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What Will Surprise Us in 2022

What seemed so permanent for 13 long years will be revealed as shifting sand and what seemed so real for 13 long years will be revealed as illusion. Magical thinking isn’t optimism, it is folly.

Predictions are hard, especially about the future, but let’s look at what we already know about 2022. Viewed from Earth orbit, 2022 is Year 14 of extend and pretend and too big to fail, too big to jail and Year 2 of global supply chains break and energy shortages.

The essence of extend and pretend is to substitute income earned from increases in productivity–real prosperity–with debt–a simulation of prosperity –that doesn’t solve the real problems, it simply adds a new and fatal problem: since productivity hasn’t expanded across the spectrum, neither has income or prosperity.

All that happened over the past 13 years is that debt–money borrowed against future productivity gains and energy consumption–funded illusions of prosperity in all three sectors: households, enterprise and government.

The explosion of debt and interest due on that debt could not occur if interest rates still topped 10% as they did 40 years ago in the early to mid-1980s. We couldn’t add tens of trillions of dollars, yen, yuan and euros in new debt unless interest rates were pushed down to near-zero (for the government, the wealthy and corporations only, of course–debt-serfs still pay 7%, 10%, 15%, 19%, etc.)

This monetary trick was accomplished by making central banks the linchpin of the entire global economy as central banks created “money” out of thin air and used the currency to buy trillions in government and corporate bonds, artificially creating near-infinite demand which then drove the rate of interest into the ground.

Without continuous injections of more “free money” and suppression of interest rates, the market–oh, the horror!– would re-assert its price discovery mechanisms which tied interest rates to risk. The cost of money is causally tied to the perceived security of the currency (i.e. risk) and the interest earned when lending it out (i.e. return or yield).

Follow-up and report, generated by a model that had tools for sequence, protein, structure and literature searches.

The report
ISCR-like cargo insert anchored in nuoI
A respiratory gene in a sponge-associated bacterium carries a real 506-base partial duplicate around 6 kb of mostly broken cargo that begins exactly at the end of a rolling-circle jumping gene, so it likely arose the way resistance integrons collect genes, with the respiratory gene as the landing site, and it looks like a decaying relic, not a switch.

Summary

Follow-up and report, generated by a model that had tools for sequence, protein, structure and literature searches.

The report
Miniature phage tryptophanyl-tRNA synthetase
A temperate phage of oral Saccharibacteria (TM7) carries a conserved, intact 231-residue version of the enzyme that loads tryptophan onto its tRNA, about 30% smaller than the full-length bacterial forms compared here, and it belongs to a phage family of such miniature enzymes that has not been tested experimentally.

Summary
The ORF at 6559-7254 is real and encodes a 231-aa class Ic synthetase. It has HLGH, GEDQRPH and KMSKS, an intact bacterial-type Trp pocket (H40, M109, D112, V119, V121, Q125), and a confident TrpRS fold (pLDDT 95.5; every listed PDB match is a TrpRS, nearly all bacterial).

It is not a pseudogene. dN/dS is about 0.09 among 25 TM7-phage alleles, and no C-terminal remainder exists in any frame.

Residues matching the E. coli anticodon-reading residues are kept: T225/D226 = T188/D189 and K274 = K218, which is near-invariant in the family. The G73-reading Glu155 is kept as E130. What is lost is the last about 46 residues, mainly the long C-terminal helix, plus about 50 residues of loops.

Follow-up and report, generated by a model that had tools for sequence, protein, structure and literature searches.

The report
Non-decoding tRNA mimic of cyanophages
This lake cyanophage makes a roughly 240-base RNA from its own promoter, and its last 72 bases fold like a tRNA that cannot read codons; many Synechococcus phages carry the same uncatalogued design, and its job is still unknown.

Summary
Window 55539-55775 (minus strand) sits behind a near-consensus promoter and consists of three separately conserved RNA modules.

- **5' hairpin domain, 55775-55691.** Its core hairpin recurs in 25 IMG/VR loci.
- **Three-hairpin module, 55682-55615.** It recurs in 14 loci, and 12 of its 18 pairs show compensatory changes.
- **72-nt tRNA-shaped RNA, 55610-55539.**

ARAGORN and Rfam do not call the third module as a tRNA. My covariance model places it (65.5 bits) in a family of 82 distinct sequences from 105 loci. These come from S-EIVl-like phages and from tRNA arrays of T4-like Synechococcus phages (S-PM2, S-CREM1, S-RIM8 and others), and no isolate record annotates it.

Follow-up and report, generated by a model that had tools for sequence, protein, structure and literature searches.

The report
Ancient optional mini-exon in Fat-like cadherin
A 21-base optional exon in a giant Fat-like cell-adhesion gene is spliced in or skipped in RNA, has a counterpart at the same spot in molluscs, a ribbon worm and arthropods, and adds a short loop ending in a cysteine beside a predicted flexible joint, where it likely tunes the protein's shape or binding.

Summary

The $100 USD bill (good old Benjamin) protected from the tropic environment in a plastic bag will have more value than a 100 peso bill in any jungle on the planet because of the general perception that the Benjamin will still have considerably more value tomorrow, next month and even next year than the 100 peso note.

If risk is perceived to be higher, then interest rates must compensate for this risk by being much higher for risky currencies, borrowers and investments.

The central bank-engineered suppression of interest rates has destroyed the market’s core mechanism of causally linking risk and the cost of money. Near-zero interest rates implies near-zero risk, and so this entire 13-year spree of suppressing the cost of money has institutionalized moral hazard, the disconnect of risk and consequence.

The ultimate artifice of extend and pretend is that risk has been vanquished: over-extended and over-leveraged borrowers can always roll over their existing debt and borrow more as ever-lower rates of interest, in effect paying interest with new debt.

Since risk is essentially zero, then why not make use of this opportunity by gaming the system? The big players who broke the laws against insider trading, selling securities designed to fail, etc., found that the global Empire of Debt viewed prosecuting financial crimes as potentially upsetting, so not only did risk fall to zero, so did the consequences of fraud, collusion and malfeasance.

And since the bigger players had unlimited access to central bank credit, their bets quickly became so risky and so large that the entire financial system became fragile and vulnerable to cascading collapse. Central banks and state treasuries were forced to bail out the most egregious criminal firms and ignore the criminality of individuals in those firms, institutionalizing too big to fail, too big to jail.

The truly interesting thing here is that the stability of any system depends on precisely what central banks have extinguished: a transparent market that prices risk within the constraints of consequences. Over the past 13 years, the invulnerability and rewards bestowed on those who borrowed to the hilt and then borrowed even more and put all the central bank-issued “money” on leveraged bets has trickled into the consciousness of retail punters, individuals, households and small-scale gamblers, oops, I mean investors.

With real productivity and earnings stagnant and all the gains of gaming the central bank’s suppression of risk flowing to the top 0.1%, the commoners have now followed the Nobility into the casino. Wealth is no longer perceived as flowing from productivity but from speculation and the leaping from one asset bubble to the next.

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